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We have a 5 months Staffy x rescue puppy. She has been with us for about two months and a half. She was scared of many things at the beginning (leaving the house, other dogs, the car) but with time and slow exposure she got much better. She is good in the house and can stay alone for a few hours without showing distress. However she is still quite timid and often has her tail tucked in between her legs which makes her look miserable and I often wonder if she is happy. She tucks her tail when she eats (unless the eating is within a play session, e.g., I hide kibble in the garden and she has to find it), every time she in the kitchen and we are cooking (she is food obsessed), when we get to new places and often in other occasions. Our house gets really cold and I wonder if that makes it worse (I am planning to get her a jumper). She sometimes pees when new people come into the house and when passing next to our cat in the garden. The cat and her most of the time do their own things but the cat would slap at her if she gets too close. She wags the tail at him and I think she would like to play, but he has no intention. My question is: why does she tuck her tail so much and what can we do to make her more comfortable? I just worry she is not happy ! I have never punished her for peeing of course and in general we try to use positive reinforcements with everything. It does happen that we get frustrated at times but we try to control our reactions because otherwise with frustration she just stops listening altogether, so that doesn't help anyone. And what can I do with the cat, is the submissive pee a normal behaviour? I hope that doesn't mean she is scared of him, but she sometimes would not go pass him if he is blocking the passage. She would not pee in the house with him but only if we are in the garden and usually we are playing and the cat hangs around. Thanks in advance!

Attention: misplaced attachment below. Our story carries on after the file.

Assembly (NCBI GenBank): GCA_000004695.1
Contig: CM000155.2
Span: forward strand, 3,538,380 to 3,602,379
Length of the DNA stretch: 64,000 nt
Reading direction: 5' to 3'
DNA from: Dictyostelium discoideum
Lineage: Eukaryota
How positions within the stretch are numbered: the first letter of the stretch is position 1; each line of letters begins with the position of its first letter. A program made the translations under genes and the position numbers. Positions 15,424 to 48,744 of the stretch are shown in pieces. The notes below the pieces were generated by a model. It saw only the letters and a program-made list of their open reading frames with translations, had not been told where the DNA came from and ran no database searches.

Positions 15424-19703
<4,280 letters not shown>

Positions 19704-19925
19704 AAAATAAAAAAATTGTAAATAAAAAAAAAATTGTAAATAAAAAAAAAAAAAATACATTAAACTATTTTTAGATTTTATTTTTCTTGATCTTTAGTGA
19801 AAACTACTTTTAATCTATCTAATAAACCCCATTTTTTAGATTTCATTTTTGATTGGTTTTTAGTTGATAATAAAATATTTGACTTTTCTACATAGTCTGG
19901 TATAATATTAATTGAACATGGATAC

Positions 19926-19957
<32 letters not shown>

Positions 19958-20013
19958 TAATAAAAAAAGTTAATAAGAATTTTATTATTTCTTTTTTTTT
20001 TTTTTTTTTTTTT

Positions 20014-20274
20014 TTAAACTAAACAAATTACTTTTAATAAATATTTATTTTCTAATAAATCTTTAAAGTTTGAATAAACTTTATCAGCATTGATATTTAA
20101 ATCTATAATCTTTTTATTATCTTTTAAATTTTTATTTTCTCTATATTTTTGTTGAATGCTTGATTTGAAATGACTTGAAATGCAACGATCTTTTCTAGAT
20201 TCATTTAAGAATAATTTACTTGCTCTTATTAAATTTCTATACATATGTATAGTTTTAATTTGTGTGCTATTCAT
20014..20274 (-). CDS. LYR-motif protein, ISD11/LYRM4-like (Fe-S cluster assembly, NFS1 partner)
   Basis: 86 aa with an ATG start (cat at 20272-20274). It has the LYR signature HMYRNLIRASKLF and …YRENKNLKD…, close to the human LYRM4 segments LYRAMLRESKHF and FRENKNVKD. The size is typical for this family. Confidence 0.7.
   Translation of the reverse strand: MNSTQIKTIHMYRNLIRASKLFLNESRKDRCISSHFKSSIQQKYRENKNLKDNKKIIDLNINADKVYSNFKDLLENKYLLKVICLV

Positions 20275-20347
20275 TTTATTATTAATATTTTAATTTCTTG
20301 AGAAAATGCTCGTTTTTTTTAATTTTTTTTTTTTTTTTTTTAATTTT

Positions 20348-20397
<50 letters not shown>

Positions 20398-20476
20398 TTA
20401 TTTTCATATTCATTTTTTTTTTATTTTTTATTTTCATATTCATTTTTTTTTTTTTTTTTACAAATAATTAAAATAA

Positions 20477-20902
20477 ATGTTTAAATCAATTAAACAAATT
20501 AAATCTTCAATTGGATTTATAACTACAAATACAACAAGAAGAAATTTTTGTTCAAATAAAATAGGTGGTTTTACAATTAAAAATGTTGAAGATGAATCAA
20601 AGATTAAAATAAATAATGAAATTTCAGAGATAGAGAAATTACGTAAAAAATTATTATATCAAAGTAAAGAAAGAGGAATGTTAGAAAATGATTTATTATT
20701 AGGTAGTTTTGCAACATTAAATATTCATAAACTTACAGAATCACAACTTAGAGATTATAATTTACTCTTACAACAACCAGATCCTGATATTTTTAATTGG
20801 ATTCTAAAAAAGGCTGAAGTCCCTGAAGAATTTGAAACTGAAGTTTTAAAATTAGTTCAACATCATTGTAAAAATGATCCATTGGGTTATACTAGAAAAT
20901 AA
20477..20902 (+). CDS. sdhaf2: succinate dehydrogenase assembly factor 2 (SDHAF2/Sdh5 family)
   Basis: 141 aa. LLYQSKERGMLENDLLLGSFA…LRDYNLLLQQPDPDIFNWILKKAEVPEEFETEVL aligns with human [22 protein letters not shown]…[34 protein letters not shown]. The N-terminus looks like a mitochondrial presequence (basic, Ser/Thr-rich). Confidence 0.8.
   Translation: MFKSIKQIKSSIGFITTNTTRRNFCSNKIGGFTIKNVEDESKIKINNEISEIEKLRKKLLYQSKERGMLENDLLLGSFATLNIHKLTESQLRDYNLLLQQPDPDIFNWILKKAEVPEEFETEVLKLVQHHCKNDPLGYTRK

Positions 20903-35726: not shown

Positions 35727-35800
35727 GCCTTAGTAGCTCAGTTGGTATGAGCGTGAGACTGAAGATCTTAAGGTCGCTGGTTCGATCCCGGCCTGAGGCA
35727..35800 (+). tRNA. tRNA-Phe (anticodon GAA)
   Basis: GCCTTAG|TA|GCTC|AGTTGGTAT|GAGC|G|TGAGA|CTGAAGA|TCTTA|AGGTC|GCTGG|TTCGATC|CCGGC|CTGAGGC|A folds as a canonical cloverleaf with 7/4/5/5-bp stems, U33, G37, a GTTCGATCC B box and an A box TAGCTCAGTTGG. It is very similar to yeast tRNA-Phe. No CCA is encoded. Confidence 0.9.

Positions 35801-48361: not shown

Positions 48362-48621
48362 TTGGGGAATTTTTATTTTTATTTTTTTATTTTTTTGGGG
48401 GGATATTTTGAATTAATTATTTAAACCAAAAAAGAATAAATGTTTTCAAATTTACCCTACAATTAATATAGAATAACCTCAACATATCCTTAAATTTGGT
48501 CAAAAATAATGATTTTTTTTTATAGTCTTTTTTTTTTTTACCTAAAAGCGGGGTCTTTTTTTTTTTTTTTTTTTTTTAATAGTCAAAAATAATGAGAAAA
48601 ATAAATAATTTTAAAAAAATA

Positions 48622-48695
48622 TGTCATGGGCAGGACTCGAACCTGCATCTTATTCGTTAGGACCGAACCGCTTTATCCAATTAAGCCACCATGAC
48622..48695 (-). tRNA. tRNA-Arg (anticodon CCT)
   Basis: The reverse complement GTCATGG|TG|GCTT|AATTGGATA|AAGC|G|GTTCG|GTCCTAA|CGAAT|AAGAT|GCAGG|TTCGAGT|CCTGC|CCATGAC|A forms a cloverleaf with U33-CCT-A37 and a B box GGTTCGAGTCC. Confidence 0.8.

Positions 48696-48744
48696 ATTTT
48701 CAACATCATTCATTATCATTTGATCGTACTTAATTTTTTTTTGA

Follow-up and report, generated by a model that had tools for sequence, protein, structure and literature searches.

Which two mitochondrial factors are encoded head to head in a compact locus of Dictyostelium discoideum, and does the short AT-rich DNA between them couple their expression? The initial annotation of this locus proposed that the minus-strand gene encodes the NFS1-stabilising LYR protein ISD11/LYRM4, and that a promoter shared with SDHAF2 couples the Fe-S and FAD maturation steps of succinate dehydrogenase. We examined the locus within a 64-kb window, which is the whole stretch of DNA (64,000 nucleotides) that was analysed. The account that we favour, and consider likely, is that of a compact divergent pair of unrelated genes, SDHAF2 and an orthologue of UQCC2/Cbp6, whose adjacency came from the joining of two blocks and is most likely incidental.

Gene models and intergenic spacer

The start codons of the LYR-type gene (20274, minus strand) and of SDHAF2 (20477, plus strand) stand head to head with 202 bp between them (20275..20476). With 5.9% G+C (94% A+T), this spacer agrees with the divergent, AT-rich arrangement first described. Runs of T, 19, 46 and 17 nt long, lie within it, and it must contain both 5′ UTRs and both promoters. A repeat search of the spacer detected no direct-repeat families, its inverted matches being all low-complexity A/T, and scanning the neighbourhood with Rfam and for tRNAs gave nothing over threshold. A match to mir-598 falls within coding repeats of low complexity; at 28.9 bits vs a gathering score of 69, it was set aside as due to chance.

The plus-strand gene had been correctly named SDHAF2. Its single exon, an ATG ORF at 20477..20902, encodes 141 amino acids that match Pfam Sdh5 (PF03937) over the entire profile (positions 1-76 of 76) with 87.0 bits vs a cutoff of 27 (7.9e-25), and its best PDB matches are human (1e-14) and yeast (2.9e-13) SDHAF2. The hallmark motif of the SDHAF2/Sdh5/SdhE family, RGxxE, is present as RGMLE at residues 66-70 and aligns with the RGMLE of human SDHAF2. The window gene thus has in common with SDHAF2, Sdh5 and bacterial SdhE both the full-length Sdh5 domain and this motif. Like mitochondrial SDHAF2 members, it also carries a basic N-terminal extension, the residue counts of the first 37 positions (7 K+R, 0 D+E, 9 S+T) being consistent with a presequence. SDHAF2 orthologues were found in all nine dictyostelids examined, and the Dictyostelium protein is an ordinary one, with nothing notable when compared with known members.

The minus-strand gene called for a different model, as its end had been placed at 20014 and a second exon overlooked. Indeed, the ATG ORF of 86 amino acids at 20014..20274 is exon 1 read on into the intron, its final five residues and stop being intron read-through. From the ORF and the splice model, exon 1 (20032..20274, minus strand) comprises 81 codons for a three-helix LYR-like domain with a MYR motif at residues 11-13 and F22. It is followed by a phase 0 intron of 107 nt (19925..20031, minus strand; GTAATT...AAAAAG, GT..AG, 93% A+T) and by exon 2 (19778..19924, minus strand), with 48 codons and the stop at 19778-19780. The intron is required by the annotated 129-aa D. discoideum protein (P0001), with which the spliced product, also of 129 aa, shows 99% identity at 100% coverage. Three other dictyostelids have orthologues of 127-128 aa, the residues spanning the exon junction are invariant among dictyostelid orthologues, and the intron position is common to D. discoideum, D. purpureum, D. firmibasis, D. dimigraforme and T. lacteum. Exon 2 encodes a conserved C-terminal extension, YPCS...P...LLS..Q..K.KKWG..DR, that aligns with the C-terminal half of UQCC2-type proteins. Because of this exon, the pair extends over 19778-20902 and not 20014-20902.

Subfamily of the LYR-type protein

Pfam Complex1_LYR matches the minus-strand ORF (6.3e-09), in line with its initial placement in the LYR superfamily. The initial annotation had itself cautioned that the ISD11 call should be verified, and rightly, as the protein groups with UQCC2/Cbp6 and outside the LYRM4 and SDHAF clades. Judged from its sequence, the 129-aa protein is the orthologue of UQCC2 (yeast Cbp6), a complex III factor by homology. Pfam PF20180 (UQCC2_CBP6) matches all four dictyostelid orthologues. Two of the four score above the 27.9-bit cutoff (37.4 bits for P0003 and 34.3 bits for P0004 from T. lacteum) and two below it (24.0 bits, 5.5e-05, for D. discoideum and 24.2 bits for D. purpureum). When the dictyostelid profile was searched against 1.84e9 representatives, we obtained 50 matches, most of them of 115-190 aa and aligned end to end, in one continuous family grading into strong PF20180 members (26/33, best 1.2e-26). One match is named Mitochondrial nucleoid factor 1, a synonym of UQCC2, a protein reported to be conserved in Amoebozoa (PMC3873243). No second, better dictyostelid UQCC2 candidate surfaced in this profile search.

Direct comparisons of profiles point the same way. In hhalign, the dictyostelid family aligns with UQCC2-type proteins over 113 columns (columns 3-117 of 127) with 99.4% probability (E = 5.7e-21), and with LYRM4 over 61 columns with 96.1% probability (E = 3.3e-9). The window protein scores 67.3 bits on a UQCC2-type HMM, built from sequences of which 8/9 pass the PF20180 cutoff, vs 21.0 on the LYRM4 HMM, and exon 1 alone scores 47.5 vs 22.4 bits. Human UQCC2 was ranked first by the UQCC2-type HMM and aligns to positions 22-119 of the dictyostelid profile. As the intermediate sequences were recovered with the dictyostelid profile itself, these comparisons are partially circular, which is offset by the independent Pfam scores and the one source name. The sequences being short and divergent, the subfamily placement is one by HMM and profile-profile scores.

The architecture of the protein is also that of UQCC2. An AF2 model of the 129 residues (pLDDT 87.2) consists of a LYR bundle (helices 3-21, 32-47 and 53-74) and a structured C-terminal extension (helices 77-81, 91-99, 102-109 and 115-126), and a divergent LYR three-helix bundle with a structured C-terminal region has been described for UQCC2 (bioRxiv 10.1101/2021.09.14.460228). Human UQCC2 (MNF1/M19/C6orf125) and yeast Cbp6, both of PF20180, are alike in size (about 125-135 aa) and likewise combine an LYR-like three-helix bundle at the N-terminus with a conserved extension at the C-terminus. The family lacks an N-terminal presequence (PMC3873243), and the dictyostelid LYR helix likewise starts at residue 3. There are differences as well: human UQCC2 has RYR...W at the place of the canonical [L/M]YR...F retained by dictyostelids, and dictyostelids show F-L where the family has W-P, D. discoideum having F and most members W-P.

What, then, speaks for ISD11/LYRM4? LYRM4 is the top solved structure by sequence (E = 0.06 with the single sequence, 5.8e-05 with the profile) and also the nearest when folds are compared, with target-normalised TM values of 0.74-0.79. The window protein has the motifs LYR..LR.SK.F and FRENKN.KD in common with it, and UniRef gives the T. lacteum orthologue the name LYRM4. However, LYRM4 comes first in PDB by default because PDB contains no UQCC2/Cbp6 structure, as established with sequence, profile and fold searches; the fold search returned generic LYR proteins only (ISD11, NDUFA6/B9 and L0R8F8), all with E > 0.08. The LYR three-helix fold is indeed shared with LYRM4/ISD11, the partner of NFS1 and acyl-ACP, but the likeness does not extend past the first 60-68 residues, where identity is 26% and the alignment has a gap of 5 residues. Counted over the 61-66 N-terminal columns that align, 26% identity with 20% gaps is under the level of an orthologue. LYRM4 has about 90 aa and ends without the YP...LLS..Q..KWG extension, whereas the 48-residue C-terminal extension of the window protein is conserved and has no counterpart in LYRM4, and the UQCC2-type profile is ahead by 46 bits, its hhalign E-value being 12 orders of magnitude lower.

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She tucks her tail or pees b/c she is not yet confident about the world, and everything new is scary.